How many of you would elect to work more than 40 hours a week? I’m guessing not many of you. We all need our own time. It’s up to us to protect it, and not rely on our manager to do it for us. Of course there will be times when you absolutely have to stay to meet a deadline, but that should be the exception. The best way to ensure you’re not working more than 40 hours a week and are able to leave the office when you need to is by setting boundaries.

New in the office

Observe colleagues and your boss. At what time do they arrive and leave? Are there specific reasons for  need to their early arrival or late departure? Are they in meetings all day and as a result fail to get their work done? Are they talking all day with colleagues when they could be getting work done?

Acquaint your boss with your priorities, but don’t come in the gate immediately demanding things. You’re still in that beginning phase and want to make a good impression.

Leave on time whenever possible. If your work is finished, don’t wait for your co-workers or boss to leave. Although you want to establish yourself as a hardworking and motivated employee in the first few months on the job, begin introducing the idea that you do not want to stay late every day. Do this delicately and gradually.

Introduce your priorities gently. Do you want to make it home for dinner with your family? Talk about your family. This doesn’t mean you need to do it constantly, but inserting tidbits during conversations over time will alert to your boss that family is important to you.

Maybe you want to make it to your 6:00 p.m. spinning class at the gym. No shame there. Exercise improves sleep, reduces anxiety, and boosts work performance. While not everyone will understand or value that, you shouldn’t have to give it up for your job all the time. Talk about your classes so colleagues know what’s important to you.

After several months in the office

If you’ve proven yourself to be the star you are, you should feel comfortable talking to your boss about your long hours if it’s become an issue. Find a time when she is not busy and sit down to talk about your priorities. Be sure to start the conversation by explaining how much you enjoy the new job. Then explain that you are fully on board with the fact that some days you’ll need to stay late, but you’d like to try and leave on time on other days. Briefly explain why and its importance to you. Maintain her confidence by assuring her you can get your work done during regular business hours.

Meetings. Many meetings are a waste of time. Look at your calendar and pinpoint which ones are necessary for you to attend and which are not. If you’re a manager, can you ask others to attend in your place? If you don’t think it’s essential for you to be in a meeting, tell your colleagues you can’t make it but ask them to inform you of anything important. It will make some co-workers upset, but it will allow you to get work done. Perhaps you could even suggest that they cancel some meetings altogether, saving everyone valuable work time.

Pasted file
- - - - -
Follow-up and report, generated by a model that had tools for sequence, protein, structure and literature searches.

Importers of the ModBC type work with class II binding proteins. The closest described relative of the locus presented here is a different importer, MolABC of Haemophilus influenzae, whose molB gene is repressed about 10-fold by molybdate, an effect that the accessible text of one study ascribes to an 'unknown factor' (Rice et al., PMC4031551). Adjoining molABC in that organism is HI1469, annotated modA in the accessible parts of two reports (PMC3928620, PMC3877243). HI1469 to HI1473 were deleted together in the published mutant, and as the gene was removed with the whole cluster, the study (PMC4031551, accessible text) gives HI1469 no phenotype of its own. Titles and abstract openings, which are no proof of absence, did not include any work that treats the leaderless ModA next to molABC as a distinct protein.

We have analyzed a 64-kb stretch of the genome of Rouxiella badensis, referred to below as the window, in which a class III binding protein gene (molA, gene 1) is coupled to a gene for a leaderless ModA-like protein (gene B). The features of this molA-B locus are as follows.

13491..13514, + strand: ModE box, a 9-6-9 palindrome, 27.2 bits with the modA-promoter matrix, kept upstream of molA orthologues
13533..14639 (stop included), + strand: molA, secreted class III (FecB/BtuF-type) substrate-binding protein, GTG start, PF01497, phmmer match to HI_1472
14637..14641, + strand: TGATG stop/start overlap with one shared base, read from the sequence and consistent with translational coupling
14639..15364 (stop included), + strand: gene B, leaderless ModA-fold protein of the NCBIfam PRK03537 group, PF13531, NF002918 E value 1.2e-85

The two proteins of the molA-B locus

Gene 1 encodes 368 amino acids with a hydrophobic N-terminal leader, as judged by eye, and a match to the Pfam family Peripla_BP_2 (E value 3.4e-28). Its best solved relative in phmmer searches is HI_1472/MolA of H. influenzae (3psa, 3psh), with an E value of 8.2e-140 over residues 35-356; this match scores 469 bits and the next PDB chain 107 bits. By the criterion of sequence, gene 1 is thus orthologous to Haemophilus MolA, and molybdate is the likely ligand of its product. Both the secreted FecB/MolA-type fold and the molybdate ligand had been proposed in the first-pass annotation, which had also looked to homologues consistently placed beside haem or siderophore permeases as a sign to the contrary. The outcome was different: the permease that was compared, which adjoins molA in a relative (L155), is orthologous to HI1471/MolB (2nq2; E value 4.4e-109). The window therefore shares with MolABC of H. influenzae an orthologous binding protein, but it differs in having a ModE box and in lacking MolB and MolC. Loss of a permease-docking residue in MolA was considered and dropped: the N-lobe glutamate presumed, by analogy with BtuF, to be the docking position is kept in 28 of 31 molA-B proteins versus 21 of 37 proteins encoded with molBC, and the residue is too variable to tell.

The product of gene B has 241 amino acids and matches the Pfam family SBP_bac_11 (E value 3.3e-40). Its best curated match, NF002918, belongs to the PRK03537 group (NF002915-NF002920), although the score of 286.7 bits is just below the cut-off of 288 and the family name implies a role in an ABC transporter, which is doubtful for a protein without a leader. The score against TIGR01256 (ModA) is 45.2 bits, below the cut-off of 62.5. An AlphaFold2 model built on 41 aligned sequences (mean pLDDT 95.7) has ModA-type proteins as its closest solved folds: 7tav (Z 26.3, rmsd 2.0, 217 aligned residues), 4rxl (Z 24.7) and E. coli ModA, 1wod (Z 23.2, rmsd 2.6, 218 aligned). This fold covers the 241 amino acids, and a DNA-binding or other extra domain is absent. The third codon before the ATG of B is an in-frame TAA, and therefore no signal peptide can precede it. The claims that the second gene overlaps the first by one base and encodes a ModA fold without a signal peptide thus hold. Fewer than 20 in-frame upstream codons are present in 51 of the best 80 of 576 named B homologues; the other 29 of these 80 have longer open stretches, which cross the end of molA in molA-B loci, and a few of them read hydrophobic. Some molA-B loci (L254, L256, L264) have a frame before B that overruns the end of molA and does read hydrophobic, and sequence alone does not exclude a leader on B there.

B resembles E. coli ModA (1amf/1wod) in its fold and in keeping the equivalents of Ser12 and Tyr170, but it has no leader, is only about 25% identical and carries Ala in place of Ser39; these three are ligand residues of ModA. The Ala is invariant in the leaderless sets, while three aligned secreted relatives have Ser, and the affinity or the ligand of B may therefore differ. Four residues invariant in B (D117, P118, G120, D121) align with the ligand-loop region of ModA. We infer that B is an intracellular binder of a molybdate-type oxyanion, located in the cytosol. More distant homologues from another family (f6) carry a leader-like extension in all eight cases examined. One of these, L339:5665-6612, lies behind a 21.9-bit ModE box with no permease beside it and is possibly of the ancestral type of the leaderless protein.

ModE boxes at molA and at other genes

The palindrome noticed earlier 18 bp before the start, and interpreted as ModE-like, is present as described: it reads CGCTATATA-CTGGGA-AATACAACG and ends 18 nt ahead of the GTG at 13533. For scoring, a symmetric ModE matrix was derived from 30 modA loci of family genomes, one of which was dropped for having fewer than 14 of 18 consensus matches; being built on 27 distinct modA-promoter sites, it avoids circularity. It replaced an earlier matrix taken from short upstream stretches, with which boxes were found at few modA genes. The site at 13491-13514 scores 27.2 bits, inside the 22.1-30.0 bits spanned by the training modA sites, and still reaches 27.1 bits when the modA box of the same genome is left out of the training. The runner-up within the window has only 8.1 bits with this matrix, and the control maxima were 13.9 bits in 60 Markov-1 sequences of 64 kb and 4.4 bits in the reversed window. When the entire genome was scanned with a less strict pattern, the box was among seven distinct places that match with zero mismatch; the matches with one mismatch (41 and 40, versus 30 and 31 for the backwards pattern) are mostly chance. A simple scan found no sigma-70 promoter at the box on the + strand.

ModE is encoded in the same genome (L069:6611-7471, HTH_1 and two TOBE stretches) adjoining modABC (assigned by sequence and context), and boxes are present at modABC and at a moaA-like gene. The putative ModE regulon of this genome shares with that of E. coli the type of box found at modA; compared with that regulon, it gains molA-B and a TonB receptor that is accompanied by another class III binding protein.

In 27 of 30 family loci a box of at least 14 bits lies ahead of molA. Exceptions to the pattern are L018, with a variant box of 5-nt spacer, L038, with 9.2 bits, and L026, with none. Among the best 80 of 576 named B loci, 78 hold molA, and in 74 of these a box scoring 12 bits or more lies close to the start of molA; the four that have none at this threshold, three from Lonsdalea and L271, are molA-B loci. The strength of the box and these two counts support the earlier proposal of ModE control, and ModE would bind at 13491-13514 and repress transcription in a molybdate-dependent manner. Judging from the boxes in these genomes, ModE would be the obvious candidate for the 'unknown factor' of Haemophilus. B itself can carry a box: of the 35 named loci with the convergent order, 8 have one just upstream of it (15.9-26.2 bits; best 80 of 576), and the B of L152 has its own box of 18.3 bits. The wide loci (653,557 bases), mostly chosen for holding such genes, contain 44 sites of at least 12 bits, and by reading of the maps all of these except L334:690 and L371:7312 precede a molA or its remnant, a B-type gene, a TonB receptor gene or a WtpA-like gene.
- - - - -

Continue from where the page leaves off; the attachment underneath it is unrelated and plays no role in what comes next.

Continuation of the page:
Chit chat. If colleagues are preventing you from getting work done by coming to your office to chat or complain all day, close your door. If you’re in the ever-popular open-concept office, you may need to put a sign up, or purchase noise cancelling headphones to signal to colleagues you need to focus. You can add humor to it if you’re worried about what people will think.

Boss’s expectations. Dealing with a boss’s radical expectations or understaffing is a much more difficult issue. However, if you’re a valued employee, you should be able to address these issues with your boss. She may be looking for some creative ideas on how to redistribute work or find a more efficient way to do business. Make sure you go to her with solutions instead of complaints.

After a year or more in the office

The latter concerns are easier to address with your boss once you’ve been on the job longer. Presenting solutions rather than grievances will go over better.

Stick to your guns. Set your hours, let people know what they are, and stick to them as much as possible. Be honest and transparent if people ask why you insist on leaving at 5:00 p.m. If your boss questions it, remind her that you can be reached in the evening if something unexpected occurs, or you can handle it early the next day.

Too many bosses and employees believe that everything should’ve been done yesterday because they are not good at prioritizing. Sometimes you may think your boss needs something today, but if you ask, it may turn out he doesn’t need it till tomorrow or the following day. There is no harm in asking once you’ve earned their respect, and if it means you will do a better job, your boss, client, or colleague should be willing to oblige. If you find you cannot get the right balance at work and are continuously having to arrive early or stay late, let the job search begin. There are companies and bosses out there who will respect work time and priorities.

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Marcelle Yeager helps people land jobs that get them to the next level of their career. Through her company Career Valet, she works with mid- to senior-level professionals on their branding strategy and job search materials to secure new roles. She co-founded a second business in 2015 called ServingTalent, where she finds jobs for talented military and Foreign Service spouses. Marcelle has spent over six years living and working abroad. She can be reached at